Thanks to our partnership with The Camera Store (The largest camera store in Calgary Alberta Canada), I recently tested The Fuji X-T1 w/the Fuji XF 18-135mm f/3.5–5.6 lens. The Fuji X-T1 is a solid, retro-looking mirrorless camera that I’ve been wanting to test for a few months as it has been getting seriously good reviews and some pros have even touted it as a DSLR killer. Although I love my DSLR (Nikon D800E replaced by the D810), it’s heavy and a pain to carry around for hours and hours at a time. I’m always interested to test smaller cameras that can give my DSLR a good fight for its money in the hopes that one day I can just bury the DSLR beast.
For those that want the conclusion at the beginning, I really liked the Fuji– XT1 and I’ll talk about why in a few paragraphs, but let’s get that DSLR killer thing out of the way.
Straight off the bat this is one of the best mirrorless or point and shoot digital cameras I have tested. It goes head to head to with my DSLR on many levels. That said, it cannot kill my DSLR or even lower priced DSLRs built in the past couple of years because it can’t track and capture moving subjects with the same ease. I’m NOT a sports photographer but I regularly want to shoot a bird, squirrel, fast moving dog, or running baby. For me, a DSLR killer must be able to track and capture a moving subject with the same ease and efficacy (and ratio of keepers) as a DSLR. The X-T1 cannot easily do this and admits to being unable to do this on page 68 of the manual. It’s the one big thing that’s missing for me in this (and every other mirrorless or point and shoot on the market today) camera. It does a better job at this task than all the other mirrorless or point and shoot cameras I’ve tried, but DSLRs costing the same or less money as this camera will get you sharper results with greater ease. If you accept this limitation and you have the budget for it ($2100. for the camera and lens) it’s the best non-DSLR camera that I’ve tried.
Here’s a checklist of the main things I really liked about the Fuji X-T1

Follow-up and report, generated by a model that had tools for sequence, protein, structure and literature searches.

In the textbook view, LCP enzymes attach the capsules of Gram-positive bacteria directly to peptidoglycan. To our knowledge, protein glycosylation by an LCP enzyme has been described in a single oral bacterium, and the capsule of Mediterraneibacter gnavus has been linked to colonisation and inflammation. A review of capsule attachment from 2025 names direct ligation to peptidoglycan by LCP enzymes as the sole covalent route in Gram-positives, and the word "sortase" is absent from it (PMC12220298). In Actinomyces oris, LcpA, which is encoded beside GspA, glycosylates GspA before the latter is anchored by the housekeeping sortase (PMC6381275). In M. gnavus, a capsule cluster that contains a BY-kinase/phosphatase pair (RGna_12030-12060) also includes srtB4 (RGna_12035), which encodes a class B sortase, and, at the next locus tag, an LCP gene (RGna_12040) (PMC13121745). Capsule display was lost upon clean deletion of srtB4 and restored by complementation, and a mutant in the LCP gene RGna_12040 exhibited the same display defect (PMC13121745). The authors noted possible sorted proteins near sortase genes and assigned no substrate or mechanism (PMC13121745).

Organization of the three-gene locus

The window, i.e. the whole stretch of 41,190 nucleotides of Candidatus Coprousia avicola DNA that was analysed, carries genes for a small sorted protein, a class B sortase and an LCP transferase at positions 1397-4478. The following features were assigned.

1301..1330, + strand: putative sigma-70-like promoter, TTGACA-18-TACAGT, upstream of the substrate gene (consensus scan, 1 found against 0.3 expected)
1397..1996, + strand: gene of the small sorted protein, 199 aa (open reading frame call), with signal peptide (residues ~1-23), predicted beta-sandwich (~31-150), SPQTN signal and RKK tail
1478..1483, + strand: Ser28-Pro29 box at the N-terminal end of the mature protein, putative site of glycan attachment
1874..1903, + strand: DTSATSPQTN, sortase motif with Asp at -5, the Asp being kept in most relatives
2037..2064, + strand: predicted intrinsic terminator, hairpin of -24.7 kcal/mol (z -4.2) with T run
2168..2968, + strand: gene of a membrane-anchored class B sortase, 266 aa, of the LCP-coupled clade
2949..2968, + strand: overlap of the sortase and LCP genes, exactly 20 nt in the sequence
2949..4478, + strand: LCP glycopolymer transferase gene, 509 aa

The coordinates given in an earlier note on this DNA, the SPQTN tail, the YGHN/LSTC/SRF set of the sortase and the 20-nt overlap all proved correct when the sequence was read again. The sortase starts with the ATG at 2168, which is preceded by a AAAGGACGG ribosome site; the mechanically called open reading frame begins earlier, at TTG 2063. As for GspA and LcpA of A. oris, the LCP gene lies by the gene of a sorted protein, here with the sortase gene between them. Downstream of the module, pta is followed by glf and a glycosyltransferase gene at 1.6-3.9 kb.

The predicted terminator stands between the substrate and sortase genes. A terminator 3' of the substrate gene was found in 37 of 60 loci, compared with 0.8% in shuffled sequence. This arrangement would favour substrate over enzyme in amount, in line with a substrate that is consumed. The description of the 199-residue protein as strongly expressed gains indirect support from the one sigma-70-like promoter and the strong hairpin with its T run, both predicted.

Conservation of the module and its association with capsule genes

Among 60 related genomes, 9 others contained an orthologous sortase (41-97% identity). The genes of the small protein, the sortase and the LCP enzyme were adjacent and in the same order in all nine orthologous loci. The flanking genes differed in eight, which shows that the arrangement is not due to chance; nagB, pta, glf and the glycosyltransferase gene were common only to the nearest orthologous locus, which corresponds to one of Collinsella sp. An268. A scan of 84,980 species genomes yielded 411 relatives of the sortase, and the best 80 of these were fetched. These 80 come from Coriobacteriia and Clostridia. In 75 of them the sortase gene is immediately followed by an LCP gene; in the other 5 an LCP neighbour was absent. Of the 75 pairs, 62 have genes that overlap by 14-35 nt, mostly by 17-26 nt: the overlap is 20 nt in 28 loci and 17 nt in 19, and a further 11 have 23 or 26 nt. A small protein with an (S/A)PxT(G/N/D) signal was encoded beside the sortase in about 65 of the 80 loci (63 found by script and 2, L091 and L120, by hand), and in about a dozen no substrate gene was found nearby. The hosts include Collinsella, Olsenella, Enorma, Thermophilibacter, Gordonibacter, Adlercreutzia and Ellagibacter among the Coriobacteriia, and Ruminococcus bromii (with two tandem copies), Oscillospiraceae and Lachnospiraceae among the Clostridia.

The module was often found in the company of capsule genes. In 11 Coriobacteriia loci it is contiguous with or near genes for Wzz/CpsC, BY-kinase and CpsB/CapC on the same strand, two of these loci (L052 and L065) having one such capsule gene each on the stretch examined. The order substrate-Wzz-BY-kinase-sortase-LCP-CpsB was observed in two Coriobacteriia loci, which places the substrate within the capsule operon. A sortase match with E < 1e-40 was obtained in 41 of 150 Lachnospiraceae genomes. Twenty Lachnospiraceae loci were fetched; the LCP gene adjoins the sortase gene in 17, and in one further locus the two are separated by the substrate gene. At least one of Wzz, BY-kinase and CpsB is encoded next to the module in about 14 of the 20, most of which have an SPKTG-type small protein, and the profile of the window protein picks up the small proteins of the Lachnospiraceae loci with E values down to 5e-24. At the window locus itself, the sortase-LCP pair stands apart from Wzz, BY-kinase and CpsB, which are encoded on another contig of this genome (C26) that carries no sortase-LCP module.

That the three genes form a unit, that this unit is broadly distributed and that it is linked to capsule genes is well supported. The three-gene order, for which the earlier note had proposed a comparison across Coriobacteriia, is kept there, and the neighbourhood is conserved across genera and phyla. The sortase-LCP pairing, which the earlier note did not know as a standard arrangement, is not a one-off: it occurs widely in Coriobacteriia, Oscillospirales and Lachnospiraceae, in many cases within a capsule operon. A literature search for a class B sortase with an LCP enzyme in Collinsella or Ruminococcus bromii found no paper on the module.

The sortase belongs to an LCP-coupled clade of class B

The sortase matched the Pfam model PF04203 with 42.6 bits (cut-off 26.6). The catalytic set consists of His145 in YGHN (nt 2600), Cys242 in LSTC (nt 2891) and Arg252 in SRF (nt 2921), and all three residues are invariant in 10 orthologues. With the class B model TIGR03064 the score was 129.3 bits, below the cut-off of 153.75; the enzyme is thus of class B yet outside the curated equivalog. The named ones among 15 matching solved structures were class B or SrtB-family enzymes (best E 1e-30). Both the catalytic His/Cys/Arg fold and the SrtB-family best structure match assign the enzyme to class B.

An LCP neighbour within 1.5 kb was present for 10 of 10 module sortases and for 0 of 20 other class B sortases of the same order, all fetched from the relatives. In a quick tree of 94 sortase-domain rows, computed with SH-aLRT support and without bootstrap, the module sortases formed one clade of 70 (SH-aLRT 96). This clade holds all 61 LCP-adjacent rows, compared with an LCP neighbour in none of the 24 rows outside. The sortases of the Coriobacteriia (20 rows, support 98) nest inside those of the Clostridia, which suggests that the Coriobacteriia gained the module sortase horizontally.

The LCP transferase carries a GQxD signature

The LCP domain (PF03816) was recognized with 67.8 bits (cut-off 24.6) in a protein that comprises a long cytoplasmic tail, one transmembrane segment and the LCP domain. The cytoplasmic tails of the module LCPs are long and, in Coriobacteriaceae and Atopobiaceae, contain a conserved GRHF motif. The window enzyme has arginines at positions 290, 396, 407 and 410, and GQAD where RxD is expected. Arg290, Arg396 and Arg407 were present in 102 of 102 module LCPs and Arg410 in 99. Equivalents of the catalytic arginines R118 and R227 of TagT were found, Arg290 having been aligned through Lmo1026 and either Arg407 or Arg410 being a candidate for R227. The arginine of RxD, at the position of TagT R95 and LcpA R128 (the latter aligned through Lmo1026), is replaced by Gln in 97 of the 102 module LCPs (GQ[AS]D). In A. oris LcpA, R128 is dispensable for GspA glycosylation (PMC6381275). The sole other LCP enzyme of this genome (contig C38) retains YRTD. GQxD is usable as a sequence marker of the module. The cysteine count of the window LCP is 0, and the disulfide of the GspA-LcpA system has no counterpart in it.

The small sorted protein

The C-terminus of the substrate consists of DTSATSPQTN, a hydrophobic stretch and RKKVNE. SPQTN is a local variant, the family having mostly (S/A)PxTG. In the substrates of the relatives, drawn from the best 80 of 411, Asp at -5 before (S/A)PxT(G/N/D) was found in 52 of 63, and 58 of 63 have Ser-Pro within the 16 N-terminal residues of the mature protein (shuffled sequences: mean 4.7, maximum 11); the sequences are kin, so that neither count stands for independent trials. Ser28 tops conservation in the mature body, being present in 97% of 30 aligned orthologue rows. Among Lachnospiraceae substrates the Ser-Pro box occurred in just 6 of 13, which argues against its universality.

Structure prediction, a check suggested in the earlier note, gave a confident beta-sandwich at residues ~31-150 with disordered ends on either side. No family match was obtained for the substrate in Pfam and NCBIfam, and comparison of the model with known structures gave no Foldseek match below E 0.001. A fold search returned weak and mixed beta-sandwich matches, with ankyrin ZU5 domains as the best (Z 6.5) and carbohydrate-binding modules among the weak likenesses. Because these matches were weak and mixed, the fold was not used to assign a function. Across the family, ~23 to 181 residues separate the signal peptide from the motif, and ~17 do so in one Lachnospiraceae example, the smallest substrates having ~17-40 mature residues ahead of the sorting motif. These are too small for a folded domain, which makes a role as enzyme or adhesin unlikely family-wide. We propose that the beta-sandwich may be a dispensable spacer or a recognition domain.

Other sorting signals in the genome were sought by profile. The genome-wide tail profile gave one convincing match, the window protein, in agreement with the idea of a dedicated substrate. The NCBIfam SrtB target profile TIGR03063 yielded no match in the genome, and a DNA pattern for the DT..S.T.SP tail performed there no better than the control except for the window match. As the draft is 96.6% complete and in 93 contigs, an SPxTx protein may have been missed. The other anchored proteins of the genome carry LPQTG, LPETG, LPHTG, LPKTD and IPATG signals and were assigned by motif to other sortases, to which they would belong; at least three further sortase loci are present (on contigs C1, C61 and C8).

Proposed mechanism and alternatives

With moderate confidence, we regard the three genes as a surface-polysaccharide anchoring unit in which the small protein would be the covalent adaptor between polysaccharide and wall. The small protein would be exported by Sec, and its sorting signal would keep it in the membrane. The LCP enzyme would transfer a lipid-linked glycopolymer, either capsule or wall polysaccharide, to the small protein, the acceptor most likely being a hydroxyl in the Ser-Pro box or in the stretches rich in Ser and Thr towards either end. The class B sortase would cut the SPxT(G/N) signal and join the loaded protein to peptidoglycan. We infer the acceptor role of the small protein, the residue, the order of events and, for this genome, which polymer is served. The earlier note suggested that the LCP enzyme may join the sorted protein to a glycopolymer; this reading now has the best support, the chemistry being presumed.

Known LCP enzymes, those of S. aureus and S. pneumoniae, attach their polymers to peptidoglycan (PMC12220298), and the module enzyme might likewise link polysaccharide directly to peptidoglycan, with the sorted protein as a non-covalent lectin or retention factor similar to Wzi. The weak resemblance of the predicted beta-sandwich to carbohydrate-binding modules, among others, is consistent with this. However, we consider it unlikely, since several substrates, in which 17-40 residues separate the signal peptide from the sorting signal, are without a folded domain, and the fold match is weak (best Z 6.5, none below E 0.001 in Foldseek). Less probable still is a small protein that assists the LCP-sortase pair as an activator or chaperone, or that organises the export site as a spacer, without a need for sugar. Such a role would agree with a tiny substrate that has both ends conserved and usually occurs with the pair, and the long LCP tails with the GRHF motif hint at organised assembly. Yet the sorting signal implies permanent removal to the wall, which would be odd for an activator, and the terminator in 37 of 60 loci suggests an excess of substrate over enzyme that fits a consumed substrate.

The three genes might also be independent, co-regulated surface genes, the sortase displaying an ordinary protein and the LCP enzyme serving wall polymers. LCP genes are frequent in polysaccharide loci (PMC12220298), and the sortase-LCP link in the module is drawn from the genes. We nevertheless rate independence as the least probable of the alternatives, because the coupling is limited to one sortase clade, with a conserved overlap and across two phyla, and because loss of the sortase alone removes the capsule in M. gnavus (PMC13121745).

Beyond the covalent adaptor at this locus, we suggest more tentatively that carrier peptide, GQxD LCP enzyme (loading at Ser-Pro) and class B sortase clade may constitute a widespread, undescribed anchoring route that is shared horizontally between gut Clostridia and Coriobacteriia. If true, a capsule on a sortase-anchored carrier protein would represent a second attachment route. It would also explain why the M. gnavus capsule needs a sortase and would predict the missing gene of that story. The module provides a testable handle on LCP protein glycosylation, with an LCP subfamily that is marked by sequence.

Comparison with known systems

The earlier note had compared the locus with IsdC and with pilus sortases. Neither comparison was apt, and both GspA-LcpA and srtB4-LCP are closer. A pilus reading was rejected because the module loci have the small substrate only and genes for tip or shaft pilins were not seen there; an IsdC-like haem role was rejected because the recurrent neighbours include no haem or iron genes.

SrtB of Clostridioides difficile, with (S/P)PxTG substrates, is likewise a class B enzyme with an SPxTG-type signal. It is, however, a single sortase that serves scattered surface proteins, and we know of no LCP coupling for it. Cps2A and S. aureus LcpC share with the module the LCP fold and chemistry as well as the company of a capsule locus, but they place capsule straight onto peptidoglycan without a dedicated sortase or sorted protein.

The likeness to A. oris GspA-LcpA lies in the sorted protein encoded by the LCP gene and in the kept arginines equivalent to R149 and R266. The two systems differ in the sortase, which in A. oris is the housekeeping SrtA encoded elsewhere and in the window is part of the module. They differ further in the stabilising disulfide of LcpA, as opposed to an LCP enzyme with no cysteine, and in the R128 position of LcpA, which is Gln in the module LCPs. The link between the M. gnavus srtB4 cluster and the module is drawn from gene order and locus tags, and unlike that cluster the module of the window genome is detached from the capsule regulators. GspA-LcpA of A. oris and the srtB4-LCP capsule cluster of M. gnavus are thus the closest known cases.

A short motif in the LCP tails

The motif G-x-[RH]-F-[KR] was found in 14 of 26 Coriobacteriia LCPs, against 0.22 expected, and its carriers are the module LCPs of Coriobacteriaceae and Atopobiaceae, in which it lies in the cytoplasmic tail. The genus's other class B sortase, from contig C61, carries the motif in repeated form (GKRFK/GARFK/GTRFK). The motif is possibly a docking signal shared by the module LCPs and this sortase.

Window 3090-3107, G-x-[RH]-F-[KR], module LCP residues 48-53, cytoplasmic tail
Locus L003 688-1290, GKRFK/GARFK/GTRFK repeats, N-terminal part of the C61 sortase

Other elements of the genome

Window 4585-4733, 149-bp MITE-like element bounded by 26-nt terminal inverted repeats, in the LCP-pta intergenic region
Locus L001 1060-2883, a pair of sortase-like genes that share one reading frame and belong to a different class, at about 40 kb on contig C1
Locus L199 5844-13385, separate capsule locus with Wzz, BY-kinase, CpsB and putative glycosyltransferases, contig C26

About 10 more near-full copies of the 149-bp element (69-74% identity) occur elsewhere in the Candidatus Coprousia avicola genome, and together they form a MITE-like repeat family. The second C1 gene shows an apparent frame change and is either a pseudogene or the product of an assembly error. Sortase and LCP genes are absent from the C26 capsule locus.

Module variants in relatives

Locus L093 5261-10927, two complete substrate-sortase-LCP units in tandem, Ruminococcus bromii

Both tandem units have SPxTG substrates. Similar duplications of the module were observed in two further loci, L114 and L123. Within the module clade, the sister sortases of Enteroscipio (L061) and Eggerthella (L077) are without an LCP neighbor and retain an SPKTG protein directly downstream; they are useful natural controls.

1 — Solid feel and size — The Fuji X-T1 is a solid feeling metal camera and I like that. I’m sick of plasticky feeling devices. This camera is VERY reminiscent of my old Nikon FM2 film camera in terms of shape, size and weight. One of the main advantages of this camera is that it is much smaller and weighs less than most DSLRs. The FUJI X-T1 weighs 440 grams with the camera and card. My D800E with battery and card weighs more than double (994 grams)!
2 — Overall sharpness — Aside from sharpness on fast moving subjects, you will love the sharpness of this camera!
3 — Automatic electronic viewfinder - You can frame your scene by looking at the back of the LCD screen or through the viewfinder. The camera ‘knows’ when you bring the viewfinder to your eye and all interior controls become instantly visible — It’s very cool.
4 — Horizon line — This appears automatically in order to let you know if your camera is parallel to the subject for distortion free images. I really like this but you can shut it off if you don’t.
5 — Shoots in RAW format, Jpeg and RAW/Jpeg
6 — Although I already ragged on the autofocus being inferior for moving subjects when compared to a DSLR, it does a better job than all other non-DSLR camera that I’ve tried. In addition it has focus points that you can move around your screen fairly easily to allow the autofocus to focus where you want. I use these focus points all the time when I’m framing a scene.
7 - Low light shooting. This camera does a killer-good job in low light! It’s a low light maven! This image below was shot/pushed at ISO 12800. I never shoot at this ISO because normally you get tons of noise (pixelization/grain) at this speed. But look how acceptable this image is! I have even included a 100% crop of a portion of the image with shadow detail as noise is most visible in the shadows. Yes there is noise in those shadows but it’s acceptable noise, it’s not a hailstorm. Most mirrorless/point and shoot cameras (and most DSLRs) on the market today are inferior to the Fuji X-T1 with regard to their low-light and low-noise performance.
Here’s a 100% crop from the same image.
As hinted at previously, my main gripe with the X-T1 (and every other point and shoot/mirrorless camera that I’ve tried) is that it cannot autofocus fast enough to capture fast moving objects as sharp as I like them. Here is a shot of a squirrel. I admit it’s very good for cameras in its class but my DSLR and most others I’ve tried does better.
The main other gripe would be the price as $2100. for a mirrorless camera and lens is quite a chunk of change when DSLRs with lenses can be had for many hundreds of dollars less. That said, we should be used to paying more for devices that are physically smaller; it’s the trend across so many consumer products. To temper the price blow a bit, this camera is very versatile and can accommodate many different lenses of varying focal lengths. It’s solidly built and it seems like it will last.
In conclusion, if you have the budget for this camera you will love its size, shape, feel and its weight. The quality and sharpness of the files are superb and as long as you don’t expect tack sharp eyes from moving subjects, you will love this camera. To date, it’s the best non DSLR camera I’ve tried.